“Half Moon Street” is the next song and was the one I took the longest to warm to. Now it is my favorite. An almost jaunty riff starts the proceedings, the flute comes in, levelling the sound, smoothing it out, and Alia begins the tale of weird mysticism. This song is swirling fog around a sputtering gaslight lamp, tall brick buildings, ancient tomes, old men meeting, and treachery. “But I’m in league with something older” tells the truth about this song and the band. There is a sly undercurrent of ancient occultism here and you either get into it and love it or it passes right by and you don’t care. For me, it works.
Another slow, moody (there’s that word again) piece comes next. Psychedelic (did I mention this album has a lot of those flourishes?) and quiet, “The Weird of Finistere” builds its weird cadence, seducing you quietly as it worms into your brain. By the end you’re chanting along, not quite sure why you’re enjoying it so damned much. This one doesn’t rock, but it rolls.
“Flower Phantoms” returns to that pure 60’s psych rock sound. If you close your eyes, you can picture the girls bopping along in mini-dresses, all decked in out pastel flower-power groove. Almost pure pop, you might wonder where all the hard rock and metal has gone but you won’t care. It’s so pretty it’s hard to deny. And catchy. There’s nothing sell-out about it; this is a band exploring its roots. And that guitar solo…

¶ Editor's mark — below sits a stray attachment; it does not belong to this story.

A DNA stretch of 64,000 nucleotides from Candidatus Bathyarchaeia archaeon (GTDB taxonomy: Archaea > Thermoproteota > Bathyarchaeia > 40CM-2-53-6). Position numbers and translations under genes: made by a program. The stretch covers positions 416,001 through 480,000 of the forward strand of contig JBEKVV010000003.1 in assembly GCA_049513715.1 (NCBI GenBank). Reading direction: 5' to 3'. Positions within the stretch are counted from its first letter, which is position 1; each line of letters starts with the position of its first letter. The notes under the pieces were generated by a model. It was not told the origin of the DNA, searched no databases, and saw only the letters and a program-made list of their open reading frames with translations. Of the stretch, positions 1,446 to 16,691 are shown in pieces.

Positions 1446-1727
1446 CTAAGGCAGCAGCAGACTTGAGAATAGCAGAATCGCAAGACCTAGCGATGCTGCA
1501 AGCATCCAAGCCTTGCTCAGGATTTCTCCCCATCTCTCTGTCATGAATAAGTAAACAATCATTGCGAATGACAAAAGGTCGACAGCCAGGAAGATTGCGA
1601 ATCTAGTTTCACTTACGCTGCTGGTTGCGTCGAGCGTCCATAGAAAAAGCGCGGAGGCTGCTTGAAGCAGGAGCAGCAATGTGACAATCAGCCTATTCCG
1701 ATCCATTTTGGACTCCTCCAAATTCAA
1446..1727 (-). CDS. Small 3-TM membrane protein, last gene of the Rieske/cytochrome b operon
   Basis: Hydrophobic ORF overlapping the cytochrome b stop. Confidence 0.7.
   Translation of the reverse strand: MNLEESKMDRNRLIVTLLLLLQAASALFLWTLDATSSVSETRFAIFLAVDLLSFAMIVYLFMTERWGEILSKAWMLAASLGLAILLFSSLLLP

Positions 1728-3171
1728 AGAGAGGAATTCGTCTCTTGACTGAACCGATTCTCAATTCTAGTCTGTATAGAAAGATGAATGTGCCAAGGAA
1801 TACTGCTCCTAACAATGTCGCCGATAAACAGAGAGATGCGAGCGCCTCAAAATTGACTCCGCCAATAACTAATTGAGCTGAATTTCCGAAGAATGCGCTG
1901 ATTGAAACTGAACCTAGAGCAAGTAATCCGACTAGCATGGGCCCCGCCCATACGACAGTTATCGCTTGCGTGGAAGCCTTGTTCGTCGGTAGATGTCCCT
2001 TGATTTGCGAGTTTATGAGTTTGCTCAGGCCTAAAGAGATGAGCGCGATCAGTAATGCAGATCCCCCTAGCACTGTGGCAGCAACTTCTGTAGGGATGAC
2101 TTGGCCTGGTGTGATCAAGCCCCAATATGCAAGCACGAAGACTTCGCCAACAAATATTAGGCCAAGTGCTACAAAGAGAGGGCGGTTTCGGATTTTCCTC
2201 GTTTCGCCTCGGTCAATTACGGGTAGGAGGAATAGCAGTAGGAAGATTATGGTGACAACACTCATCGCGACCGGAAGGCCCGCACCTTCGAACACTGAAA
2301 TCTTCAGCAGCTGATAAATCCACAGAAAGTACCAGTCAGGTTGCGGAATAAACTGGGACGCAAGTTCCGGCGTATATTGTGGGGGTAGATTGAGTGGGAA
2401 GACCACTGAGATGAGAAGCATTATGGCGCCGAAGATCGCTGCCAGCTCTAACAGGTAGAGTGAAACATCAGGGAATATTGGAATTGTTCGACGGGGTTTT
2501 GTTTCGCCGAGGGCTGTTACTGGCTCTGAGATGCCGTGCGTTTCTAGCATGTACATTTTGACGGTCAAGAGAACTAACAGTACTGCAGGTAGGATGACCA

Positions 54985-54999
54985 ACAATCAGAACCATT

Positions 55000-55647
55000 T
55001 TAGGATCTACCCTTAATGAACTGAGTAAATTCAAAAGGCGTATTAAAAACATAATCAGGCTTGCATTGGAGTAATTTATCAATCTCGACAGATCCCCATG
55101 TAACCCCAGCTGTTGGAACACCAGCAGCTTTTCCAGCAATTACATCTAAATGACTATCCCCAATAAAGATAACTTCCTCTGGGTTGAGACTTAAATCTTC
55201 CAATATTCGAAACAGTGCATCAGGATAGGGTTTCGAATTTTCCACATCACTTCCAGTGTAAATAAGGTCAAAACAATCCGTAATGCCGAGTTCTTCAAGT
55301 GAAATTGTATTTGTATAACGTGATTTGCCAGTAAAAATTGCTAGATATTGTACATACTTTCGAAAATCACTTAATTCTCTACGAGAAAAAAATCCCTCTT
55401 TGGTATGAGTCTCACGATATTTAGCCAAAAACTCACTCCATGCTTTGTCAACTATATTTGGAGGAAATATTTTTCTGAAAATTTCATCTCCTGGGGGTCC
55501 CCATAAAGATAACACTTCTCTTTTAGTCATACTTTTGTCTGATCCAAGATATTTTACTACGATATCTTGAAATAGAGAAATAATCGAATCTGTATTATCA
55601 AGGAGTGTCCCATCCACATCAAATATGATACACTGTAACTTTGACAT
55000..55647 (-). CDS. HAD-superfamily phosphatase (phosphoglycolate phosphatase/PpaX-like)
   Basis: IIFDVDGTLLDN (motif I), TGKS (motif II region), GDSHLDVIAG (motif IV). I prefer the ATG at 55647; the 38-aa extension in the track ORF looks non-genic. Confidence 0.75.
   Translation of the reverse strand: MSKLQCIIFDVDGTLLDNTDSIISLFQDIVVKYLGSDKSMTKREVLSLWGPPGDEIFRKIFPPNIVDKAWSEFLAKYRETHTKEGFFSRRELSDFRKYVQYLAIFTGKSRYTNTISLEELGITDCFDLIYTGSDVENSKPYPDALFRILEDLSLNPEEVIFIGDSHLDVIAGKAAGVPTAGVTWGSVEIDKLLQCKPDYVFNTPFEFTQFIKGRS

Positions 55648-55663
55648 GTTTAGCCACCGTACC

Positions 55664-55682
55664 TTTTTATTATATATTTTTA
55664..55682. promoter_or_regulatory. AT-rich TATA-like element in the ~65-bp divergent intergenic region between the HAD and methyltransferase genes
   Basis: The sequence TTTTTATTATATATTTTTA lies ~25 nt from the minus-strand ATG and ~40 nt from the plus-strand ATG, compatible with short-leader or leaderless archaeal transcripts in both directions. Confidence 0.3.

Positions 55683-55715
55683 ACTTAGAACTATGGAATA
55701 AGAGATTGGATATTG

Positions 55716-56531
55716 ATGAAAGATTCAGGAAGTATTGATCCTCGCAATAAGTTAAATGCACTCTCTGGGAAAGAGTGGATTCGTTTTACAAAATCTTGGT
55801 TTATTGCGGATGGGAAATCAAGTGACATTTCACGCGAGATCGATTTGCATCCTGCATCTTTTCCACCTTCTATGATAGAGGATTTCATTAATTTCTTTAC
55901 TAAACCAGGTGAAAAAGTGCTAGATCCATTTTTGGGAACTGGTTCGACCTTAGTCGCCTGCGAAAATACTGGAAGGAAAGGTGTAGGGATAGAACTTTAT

Next to last song “Old Fires” brings back the swagger, a riff that makes you want to cry, punching your face as this one rollicks along. This song is joyous dancing around a bonfire, gone skyclad, all muscle and grit, light and shadow. 2:25 in settles into a drop down organ groove, the drums and bass remarkable, doing what they do the entire album, giving a solid, rocking backdrop. Kennedy blazes in with his best solo yet, the power of it building and building and building, sweeping you along until…in comes the opening riff, bludgeoning in its polite way, the song rocking out all over again. Man, this is great stuff, and really does compete with Half Moon Street as my favorite track. Pure Blood Ceremony.
“Things Present, Things Past,” the final song, is a ballad. Acoustic guitars bring this Wicker Man to life, bits of organ underlying the thing, bass the foundation, drums shuffling, flute accenting. Again, Blood Ceremony, at its purest. The druids sing, the maidens dance. 3:15, the song shifts slightly, the flute taking us on a deeper journey, bodies swaying by the campfire, as ancient spirits fly around, filling the air with their phantom tales. The song fades off and the grin creeps across your face as it comes back, all Beatles-esque for a second. This is a perfect way to end a nearly perfect record.
Don’t come into this one expecting furious thrash or cold black metal. Come into it expecting mood and texture and yes, riffs and flutes (hey, that’s what they do). Let it wash over you. Soon its infectious songs will seduce you, like any great music does.
Note: I could not find a full album stream, so here are some vids I pulled.